While into the Orleans Avenue project, Mr. C. decided to acquire the property at 435 Bourbon and turn it from a t-shirt shop into a bar. (Incidentally, this was the same place that he had rented all those Mardi Gras’ ago.) The whole bottom floor had to be taken out for the new electrical so while Ray was digging trenches between floor joices he made a discovery, an 1850 bottle of “Dr. J. Hostetter Stomach Bitters”. This concoction of vitamins and herbs and 94% alcohol was sold to the Union army by train car from Pennsylvania during the first prohibition. Cool, huh? But it gets better. Did you notice that Dr. J and Ray share the same last name? After doing a little research Ray found he and Dr. J were actually related. That was when it all made sense for Ray, “I am in the right place doing what I am supposed to be doing.”
The Orleans Avenue project had discoveries of its’ own. The first came when removing walls, Ray came upon the initials A.H. (another relative??) carved in a board with the date 1901. Attached was a 1901 silver coin which today is worth $6,000.00. These old French Quarter buildings are treasure troves and that is exactly what Ray thought when he uncovered the next surprise. Extensive work was being done on the previously lathe and plastered walls. Mr. C wanted the old brick walls exposed, cleaned and repointed. In the process it was noticed that there was a definite brick archway visible just above floor level in the downstairs bedroom.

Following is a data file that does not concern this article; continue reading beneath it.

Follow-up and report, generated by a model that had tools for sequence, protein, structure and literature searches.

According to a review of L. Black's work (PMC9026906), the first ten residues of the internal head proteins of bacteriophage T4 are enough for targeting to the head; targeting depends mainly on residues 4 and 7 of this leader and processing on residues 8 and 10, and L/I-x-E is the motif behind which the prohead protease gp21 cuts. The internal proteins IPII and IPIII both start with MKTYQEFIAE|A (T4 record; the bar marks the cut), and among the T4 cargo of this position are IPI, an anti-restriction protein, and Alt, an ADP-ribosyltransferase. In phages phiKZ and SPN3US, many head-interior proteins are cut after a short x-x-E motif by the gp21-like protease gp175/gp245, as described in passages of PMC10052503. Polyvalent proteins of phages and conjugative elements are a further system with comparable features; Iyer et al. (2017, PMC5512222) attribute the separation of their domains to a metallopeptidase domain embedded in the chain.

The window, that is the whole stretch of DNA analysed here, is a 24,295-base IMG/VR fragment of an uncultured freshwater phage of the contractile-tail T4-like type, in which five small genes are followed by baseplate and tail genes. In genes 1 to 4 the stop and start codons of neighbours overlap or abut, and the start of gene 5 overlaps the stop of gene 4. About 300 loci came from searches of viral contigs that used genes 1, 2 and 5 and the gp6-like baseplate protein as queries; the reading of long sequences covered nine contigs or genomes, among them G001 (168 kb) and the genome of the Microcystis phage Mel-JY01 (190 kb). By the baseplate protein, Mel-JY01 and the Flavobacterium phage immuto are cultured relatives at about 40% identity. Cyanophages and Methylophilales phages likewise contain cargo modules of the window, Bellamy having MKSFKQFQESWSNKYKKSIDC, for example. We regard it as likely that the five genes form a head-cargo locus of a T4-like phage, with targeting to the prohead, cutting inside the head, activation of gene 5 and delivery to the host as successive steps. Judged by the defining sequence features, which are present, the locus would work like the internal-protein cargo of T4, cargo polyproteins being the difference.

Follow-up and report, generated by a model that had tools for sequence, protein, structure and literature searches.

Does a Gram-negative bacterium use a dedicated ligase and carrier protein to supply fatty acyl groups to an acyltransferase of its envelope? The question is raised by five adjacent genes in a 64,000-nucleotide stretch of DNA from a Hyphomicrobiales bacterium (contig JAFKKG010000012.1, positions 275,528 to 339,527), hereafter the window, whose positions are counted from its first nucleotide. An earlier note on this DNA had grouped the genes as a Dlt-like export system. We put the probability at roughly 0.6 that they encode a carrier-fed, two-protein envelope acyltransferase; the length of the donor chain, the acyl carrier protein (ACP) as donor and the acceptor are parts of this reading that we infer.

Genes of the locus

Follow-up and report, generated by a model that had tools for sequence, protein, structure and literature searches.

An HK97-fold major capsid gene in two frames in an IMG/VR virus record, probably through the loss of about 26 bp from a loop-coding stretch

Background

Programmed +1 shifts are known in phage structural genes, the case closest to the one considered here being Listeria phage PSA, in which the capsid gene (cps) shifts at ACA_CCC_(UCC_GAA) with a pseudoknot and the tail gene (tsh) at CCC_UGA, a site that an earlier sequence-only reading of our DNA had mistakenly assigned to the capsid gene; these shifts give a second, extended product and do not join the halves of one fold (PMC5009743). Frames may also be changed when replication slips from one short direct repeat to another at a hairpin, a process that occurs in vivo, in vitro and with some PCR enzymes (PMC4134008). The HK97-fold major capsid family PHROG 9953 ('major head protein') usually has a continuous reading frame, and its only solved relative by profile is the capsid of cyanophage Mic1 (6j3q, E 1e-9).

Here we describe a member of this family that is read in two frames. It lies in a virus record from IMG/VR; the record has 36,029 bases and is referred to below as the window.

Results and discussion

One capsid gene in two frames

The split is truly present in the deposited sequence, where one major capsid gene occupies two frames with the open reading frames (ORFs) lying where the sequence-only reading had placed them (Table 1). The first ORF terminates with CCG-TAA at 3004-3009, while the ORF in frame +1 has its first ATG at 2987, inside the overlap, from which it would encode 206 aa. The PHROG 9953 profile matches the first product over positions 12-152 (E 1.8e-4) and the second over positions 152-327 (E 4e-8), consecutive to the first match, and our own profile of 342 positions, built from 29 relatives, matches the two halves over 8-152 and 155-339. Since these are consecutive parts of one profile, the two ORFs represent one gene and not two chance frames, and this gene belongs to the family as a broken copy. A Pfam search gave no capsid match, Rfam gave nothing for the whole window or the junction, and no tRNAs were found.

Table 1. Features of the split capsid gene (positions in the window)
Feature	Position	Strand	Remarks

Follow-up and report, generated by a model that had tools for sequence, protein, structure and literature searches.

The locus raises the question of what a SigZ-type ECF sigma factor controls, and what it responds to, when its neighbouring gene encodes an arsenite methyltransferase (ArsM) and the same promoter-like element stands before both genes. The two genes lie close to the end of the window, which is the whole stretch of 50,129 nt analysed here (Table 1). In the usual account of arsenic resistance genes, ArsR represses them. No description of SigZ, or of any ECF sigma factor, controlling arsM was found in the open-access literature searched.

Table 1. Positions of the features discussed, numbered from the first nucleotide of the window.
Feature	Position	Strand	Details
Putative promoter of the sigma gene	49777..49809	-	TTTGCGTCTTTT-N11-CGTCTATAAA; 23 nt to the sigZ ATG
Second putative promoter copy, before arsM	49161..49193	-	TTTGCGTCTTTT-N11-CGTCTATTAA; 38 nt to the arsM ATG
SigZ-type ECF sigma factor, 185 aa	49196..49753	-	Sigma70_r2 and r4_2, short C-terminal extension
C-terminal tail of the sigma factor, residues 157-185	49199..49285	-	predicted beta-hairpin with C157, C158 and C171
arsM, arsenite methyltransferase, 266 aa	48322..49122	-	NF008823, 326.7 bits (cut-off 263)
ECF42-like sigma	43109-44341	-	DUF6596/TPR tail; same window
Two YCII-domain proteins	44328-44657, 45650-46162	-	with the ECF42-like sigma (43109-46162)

At this point, you know a vision of Lafitte’s treasure was dancing in Ray’s head. The old wood plank floors were pulled out and what looked like a tunnel opening was uncovered several feet under the existing floor. Alas, the only thing inside was years upon years of mud and muck, no treasure. But could it have been a bootleggers’ tunnel from Orleans Avenue to St. Peter and Dauphine, where for years the Tunnel Bar sat on the corner? Research seems to lean more toward what was called a “cabinét”, something like a root cellar and not a tunnel at all. Rather than cover up this historic piece of architecture, lightning and special glass flooring was installed to show it off. It is breathtakingly beautiful, just like the rest of the three story structure and “slave quarters” included in this compound.
Restoring this exquisite showplace to the splendor it deserves was a demanding, detailed project three years in the making and is today a phenomenal piece of workmanship. A credit to a man who truly loves what he does. The mastery of his craft is so obvious in even the smallest detail. Bo might know sports, but Ray definitely knows renovation. You rock Ray!
By Sharon Denise Talbot
*Stay tuned for more Renovation Reports with Ray.
If one of your next holiday celebrations is Mardi Gras, here’s a preview — sights and sounds in the French Quarter that I experienced in February 2009. Captured on my little Sony digicam.
Duration : 0:9:51